What we really need to teach our trainees!


Richard Innes considers some of the more stressful decisions critical care consultants have to take and laments the lack of training in these areas.

When was the last time you sat with colleagues worried about how to treat someone with septic shock or ARDS?

A long time ago I suspect.

Much more likely they will be stressed about managing beds: who should have a bed, who should be discharged to let the next patient in,what to do about the patients waiting in recovery or ED who urgently, or not so urgently, needs a critical care  bed? The latter may require you to be pragmatic and  decide that a patient can be  managed outside of ICU as beds are short. If this is the case then you shoulder some, or all, of the responsibility should the patient deteriorate.  After all, you said they were OK to go!

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Serious Hazards of Transfusion Report

Jeremy Groves, ICS Council representative on the SHOT Steering Group, reflects on their latest report.


One of the great things about being on the ICS Council is the privilege of being able to represent the profession on various national committees.  Committees aren’t every ones cup of tea of course and when at a recent Council meeting, a vacancy came up for an ICS representative on the SHOT committee, everyone suddenly seemed more interested in their computers.

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GMC vs Bawa-Garba responses.


Dr Gary Masterson, president of the society, reflects on the Intensive Care Member response to the case of GMC Vs Bawa-Garba.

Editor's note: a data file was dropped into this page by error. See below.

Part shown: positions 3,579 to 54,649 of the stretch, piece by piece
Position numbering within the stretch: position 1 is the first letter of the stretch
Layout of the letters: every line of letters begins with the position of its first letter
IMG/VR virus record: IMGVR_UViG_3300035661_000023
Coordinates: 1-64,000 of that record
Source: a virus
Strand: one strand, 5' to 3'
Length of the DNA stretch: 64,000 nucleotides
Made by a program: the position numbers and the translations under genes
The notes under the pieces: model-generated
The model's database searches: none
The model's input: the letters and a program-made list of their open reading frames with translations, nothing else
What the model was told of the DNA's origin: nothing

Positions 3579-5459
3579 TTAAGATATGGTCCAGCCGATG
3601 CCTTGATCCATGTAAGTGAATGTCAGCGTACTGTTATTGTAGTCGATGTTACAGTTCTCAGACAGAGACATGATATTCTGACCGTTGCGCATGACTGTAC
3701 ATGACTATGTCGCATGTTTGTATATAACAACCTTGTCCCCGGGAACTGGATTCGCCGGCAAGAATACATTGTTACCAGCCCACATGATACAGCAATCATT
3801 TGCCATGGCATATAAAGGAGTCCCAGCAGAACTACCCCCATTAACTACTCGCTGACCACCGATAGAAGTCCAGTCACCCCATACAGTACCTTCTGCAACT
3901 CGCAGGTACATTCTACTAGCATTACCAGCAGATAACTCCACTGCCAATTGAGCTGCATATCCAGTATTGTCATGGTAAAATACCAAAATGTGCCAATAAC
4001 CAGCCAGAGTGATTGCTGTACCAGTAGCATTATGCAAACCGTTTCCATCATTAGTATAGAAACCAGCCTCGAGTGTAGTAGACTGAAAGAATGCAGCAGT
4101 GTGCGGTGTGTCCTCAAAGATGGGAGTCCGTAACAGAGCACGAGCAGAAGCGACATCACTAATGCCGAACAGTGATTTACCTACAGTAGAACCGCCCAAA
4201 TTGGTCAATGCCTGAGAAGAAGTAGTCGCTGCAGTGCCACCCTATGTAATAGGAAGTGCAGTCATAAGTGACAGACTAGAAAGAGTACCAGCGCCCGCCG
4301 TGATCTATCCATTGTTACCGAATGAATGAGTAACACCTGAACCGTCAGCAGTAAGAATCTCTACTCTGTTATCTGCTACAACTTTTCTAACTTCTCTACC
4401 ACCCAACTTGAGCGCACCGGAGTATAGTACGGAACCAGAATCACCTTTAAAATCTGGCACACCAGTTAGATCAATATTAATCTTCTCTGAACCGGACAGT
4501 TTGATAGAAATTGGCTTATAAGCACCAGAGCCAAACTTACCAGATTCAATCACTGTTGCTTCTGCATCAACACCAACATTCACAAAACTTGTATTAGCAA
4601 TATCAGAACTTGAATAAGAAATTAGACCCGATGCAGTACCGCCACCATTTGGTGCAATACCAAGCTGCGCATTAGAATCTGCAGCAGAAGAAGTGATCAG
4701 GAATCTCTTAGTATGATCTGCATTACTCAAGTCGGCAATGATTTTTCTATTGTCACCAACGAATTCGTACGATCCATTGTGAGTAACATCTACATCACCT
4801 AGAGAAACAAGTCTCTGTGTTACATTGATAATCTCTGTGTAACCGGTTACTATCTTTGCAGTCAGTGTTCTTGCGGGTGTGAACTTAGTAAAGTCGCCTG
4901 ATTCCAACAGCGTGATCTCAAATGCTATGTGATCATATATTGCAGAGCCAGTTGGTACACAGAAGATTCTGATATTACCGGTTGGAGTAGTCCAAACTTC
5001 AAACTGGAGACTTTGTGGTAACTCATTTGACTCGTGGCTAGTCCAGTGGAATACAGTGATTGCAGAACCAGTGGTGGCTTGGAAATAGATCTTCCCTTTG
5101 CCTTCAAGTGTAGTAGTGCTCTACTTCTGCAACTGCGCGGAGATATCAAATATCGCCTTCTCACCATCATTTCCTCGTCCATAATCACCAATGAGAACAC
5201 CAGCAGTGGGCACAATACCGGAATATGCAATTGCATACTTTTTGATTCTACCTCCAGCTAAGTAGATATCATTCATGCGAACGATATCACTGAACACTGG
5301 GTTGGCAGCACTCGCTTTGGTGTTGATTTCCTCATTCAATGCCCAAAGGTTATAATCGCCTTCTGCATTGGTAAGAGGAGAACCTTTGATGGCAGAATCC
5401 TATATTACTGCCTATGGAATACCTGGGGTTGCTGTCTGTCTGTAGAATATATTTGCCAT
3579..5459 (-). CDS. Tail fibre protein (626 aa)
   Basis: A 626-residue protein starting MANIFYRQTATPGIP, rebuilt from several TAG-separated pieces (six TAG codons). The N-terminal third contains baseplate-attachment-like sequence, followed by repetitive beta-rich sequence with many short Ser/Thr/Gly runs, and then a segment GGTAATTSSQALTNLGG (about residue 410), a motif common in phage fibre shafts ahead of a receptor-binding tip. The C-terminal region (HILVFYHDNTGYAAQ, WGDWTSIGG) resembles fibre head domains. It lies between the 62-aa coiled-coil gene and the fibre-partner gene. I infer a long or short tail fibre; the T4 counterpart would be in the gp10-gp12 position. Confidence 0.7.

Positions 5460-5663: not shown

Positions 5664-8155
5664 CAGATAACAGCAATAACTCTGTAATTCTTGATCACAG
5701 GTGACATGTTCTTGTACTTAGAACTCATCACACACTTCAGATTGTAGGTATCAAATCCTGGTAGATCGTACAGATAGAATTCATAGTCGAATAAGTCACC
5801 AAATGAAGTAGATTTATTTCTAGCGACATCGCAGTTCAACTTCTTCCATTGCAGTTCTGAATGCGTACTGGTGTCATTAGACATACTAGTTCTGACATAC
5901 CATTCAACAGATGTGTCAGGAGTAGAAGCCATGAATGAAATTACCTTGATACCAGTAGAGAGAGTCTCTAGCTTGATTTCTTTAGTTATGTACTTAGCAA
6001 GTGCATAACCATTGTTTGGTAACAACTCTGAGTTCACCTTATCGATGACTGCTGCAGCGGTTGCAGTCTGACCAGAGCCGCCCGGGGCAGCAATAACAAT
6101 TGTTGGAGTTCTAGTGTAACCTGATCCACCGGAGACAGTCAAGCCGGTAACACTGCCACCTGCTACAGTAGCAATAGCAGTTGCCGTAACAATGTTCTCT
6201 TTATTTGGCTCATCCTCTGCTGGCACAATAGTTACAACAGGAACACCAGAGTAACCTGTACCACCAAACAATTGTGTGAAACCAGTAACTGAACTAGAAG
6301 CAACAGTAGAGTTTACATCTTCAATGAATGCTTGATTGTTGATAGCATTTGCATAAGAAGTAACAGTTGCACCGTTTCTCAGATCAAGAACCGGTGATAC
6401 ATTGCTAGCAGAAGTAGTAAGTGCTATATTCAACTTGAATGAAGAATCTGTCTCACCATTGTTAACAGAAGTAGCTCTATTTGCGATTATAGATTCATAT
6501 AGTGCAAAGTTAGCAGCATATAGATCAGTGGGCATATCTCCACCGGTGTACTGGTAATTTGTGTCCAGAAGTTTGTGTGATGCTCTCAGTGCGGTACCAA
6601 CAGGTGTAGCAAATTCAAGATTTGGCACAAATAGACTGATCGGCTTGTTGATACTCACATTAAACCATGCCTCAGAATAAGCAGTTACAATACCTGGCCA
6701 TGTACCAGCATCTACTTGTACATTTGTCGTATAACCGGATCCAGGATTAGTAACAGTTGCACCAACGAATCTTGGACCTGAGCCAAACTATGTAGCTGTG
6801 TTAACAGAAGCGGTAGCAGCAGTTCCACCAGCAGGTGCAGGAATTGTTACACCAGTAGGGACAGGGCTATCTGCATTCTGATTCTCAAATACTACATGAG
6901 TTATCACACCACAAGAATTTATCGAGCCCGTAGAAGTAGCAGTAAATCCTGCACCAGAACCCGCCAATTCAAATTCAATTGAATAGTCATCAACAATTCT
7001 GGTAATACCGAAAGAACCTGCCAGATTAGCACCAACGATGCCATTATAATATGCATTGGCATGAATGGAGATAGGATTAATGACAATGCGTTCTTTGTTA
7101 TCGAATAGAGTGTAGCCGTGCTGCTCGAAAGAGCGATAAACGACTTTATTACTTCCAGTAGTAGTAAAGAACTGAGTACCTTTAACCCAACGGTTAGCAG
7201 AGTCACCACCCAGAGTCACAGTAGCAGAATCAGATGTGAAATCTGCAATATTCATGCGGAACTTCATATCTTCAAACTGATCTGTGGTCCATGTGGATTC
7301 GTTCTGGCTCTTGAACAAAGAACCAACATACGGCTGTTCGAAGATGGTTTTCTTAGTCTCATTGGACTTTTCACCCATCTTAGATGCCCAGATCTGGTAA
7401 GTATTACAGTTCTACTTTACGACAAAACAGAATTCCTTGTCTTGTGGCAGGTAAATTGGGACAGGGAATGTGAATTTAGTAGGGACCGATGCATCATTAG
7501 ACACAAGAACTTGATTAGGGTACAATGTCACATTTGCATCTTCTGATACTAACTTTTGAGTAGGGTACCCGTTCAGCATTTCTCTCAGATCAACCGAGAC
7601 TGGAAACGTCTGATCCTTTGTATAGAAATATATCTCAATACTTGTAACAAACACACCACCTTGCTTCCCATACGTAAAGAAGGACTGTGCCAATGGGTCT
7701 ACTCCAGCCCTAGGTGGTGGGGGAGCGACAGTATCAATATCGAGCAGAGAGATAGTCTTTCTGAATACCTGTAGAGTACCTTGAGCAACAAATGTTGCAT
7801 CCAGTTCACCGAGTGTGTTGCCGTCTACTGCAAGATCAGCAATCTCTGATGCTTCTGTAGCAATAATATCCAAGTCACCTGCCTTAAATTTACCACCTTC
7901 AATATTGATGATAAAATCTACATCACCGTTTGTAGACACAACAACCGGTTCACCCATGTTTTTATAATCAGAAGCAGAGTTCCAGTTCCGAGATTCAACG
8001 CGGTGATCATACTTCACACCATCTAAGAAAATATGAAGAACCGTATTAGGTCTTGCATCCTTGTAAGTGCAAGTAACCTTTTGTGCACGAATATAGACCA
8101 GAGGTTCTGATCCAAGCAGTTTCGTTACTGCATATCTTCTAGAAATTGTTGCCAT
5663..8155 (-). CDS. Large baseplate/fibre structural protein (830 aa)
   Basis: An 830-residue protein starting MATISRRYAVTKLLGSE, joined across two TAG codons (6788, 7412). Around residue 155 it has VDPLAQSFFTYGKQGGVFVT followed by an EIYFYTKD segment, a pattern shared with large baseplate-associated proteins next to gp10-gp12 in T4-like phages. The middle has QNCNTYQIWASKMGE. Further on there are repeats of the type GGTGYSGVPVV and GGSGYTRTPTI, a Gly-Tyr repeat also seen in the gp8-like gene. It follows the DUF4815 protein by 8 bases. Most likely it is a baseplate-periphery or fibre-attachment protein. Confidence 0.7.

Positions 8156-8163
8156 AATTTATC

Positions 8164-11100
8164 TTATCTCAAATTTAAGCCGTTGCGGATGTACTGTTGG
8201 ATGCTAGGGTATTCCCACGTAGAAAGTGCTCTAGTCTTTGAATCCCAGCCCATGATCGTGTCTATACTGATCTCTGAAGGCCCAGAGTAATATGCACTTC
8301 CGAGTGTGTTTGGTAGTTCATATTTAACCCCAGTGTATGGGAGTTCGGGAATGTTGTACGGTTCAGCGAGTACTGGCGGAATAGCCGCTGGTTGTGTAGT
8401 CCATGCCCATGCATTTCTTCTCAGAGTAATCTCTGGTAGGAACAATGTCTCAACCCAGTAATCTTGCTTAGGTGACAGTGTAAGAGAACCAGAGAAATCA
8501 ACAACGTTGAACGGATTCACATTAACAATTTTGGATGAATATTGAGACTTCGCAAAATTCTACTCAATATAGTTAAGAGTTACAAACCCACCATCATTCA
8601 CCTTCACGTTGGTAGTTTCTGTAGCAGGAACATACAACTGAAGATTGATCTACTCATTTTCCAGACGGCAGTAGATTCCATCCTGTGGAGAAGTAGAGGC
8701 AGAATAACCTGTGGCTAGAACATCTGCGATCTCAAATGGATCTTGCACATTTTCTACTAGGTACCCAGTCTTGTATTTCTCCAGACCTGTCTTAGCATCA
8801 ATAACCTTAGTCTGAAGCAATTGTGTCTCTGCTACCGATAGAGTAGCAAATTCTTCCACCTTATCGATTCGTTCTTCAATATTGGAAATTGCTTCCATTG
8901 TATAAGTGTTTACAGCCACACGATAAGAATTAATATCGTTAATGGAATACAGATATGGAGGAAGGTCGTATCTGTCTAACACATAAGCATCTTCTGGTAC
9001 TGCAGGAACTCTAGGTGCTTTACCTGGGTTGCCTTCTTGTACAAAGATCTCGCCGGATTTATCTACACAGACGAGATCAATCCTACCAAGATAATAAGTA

Following the recent judgement in the case of GMC vs Bawa-Garba in the High Court the Society has expressed its concerns to its members and passed on advice from the Academy of Medical Royal Colleges (AOMRC). We’ve received a number of replies from you, all of which offer food for thought.

There is, not surprisingly, serious concern expressed, both from working and retired members.

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Jeremy Groves considers the facts behind the recent Independent article on critical care winter activity and NHS England’s response.

You may have seen the article about critical care in the  Independent a couple of weeks ago.  In it our president, Gary Masterson, outlined the pressure units were under this winter.  NHS England’s press office went into overdrive.  Tweeting via NHS Media they said “It’s simply not true that intensive care beds are full”.  So where do they get their information from?

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Is ICM Training Fit for Purpose?

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Professor Hugh Montgomery considers the evolution of the patients and diseases we manage and worries that training may be too slow to adapt to change.

Some 252 million years ago, the Permian Mass Extinction saw the loss of the 96% of marine life and 70% of terrestrial vertebrate species due to a failure to adapt to their changing environment.

Arguably, the great polio epidemic of 1952 first led to the concept of ‘ICU’, the goal being to deliver life-saving mechanical ventilation. The requirement then was for staff who understood this domain, and that meant anaesthetists.

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Winter Pressures


Dr Gary Masterson, President of the Society, reflects on the current winter pressures facing those working and being treated in intensive care and high dependency units.